* it is not in some people's interest to question the way things are because they belong to a class (or hope to belong to a class or, sadder still, fool themselves into believing that they belong to a class) that benefits from the status quo;
    * the propaganda has been so good (and Stalinism, Maoism, etc haven't helped much either) that people refuse to even look at Marxist theory - they have written communism off as 'bad' because 'everyone says so'.

    Marx (and many social scientists) argue that there is no such thing as ‘human nature’ (it’s the old ‘nature versus nurture’ debate). But it is in the interests of capitalists (and those who support the profit system) to present humans as innately ‘greedy’ and ‘individualistic’. There have been a number of studies on various aspects of the ‘nature versus nurture’ debate, and I found this very interesting comment on a research article that was published in the science magazine Nature on this issue: http://mailman1.u.washington.edu/pipermail/pophealth/2003-September/000647.html A brief extract:
    (Dooga, just watch how those who do not agree react to this quoted evidence – they will either refute it loudly, without presenting counter-evidence for their claims, or they will ignore it!)
    LOL – yes! Precisely. And this is the point! This is what everyone’s so scared of. In a communist society, you’d never get this scandalous situation:
    I believe that the confusion of terms is sometimes deliberate – just as Stalinism is labelled ‘communism’, political terms are used incorrectly so that people get confused and can’t distinguish between the different systems; they’re all lumped together, and are all ‘bad’ or ‘evil’. Sometimes I believe the confusion of terms is because of genuine lack of knowledge – it does not seem as if Marxism is a popular research topic, and people just haven’t been exposed to the existence of these ideas and definitions.

    Ah, yes – he certainly did! Here’s a link to an article he wrote about it entitled ‘Why Socialism’: http://www.monthlyreview.org/598einst.htm . Another interesting link is the FBI’s huge file on Einstein - he was under surveillance because he belonged to the Communist Party: http://foia.fbi.gov/foiaindex/einstein.htm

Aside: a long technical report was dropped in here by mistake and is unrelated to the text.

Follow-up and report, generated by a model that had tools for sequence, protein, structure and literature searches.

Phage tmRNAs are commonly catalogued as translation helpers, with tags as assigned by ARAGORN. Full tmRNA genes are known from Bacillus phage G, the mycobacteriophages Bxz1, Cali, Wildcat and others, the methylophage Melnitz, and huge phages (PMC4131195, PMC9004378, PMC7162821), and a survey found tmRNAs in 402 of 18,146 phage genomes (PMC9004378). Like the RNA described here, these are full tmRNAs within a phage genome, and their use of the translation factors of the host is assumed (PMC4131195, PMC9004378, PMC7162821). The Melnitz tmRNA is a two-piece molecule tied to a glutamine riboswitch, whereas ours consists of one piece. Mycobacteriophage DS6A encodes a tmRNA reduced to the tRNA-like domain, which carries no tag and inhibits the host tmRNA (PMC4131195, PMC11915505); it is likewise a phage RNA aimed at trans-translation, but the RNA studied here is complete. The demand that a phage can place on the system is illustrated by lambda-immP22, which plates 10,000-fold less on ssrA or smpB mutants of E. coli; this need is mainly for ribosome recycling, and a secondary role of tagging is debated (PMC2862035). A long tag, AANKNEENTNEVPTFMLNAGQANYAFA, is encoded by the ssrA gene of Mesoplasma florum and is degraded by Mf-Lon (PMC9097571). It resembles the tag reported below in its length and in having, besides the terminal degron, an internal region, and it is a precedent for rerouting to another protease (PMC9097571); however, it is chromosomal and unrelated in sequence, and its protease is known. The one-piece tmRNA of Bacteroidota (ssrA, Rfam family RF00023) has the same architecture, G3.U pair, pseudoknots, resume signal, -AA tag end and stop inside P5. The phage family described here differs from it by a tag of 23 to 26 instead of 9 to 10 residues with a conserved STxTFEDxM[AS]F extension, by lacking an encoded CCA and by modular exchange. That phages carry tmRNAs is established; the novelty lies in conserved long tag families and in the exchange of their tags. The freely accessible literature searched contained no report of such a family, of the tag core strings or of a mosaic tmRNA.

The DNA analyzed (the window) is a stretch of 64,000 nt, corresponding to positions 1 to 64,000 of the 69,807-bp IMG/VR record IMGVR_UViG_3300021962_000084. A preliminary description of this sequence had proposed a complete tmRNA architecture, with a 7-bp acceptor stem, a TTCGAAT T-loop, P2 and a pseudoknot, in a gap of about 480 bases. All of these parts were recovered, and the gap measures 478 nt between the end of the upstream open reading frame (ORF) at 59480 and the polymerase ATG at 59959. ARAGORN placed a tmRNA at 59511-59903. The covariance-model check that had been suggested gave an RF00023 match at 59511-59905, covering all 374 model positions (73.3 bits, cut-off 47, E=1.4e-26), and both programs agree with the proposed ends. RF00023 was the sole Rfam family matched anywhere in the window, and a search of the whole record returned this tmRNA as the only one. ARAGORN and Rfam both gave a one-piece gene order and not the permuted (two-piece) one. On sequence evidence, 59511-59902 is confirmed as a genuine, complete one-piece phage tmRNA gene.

Well, Dooga, it’s been a pleasure; thank you for this opportunity for discussion of ideas :smile:

    PS: To everyone who’s going to flame irrational responses to what I have written here – don’t bother. I really won’t be wasting my time trying to discuss politics with people who aren’t serious about investigating issues.
     
    Last edited: Jun 1, 2005
  8. Jun 1, 2005 #7
    Yes. That proves it. Karl Marx was a monkey.
     
  9. Jun 1, 2005 #8

    Pengwuino

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    I will help you booga and point you to previous threads alexandra has been part of. After reviewing his/her postings, it was fairly evident that people will give him/her a good amount of information to the contrary and seeing that he/she has run into a brick wall, will complain she is somehow being "attacked" for her beliefs and that everyone else is suffering from some sort of emotional ignorance when she is, in fact, the first person to get emotional and the first to start attacking people outside of the argument.

    Maybe this is why communism doesnt stand a chance eh? Their advocates deem any counter-argument or facts to the contrary as an "attack" or "emotional outburst".

    I'd also like to remind you that im sure Einstein woudl be the first to note that he was not an economist.
     
  10. Jun 1, 2005 #9

    Pengwuino

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    To clear things up, this basically means they were basically socialists
     
  11. Jun 1, 2005 #10

    russ_watters

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    Surprise surprise: I think that that monkey study is completly consitent with what we know about humans (and the competitiveness observed in monkeys). The problem is that Marxists misunderstand the concept of fairness. In the study, recieving unequal reward for equal work is unfair. Seems obvious - but in Marxism, people are to recieve equal reward for unequal work! In Marxism, effort (labor) is what counts and that is part of the reason Marxism failed: that's a flawed way of viewing "fairness".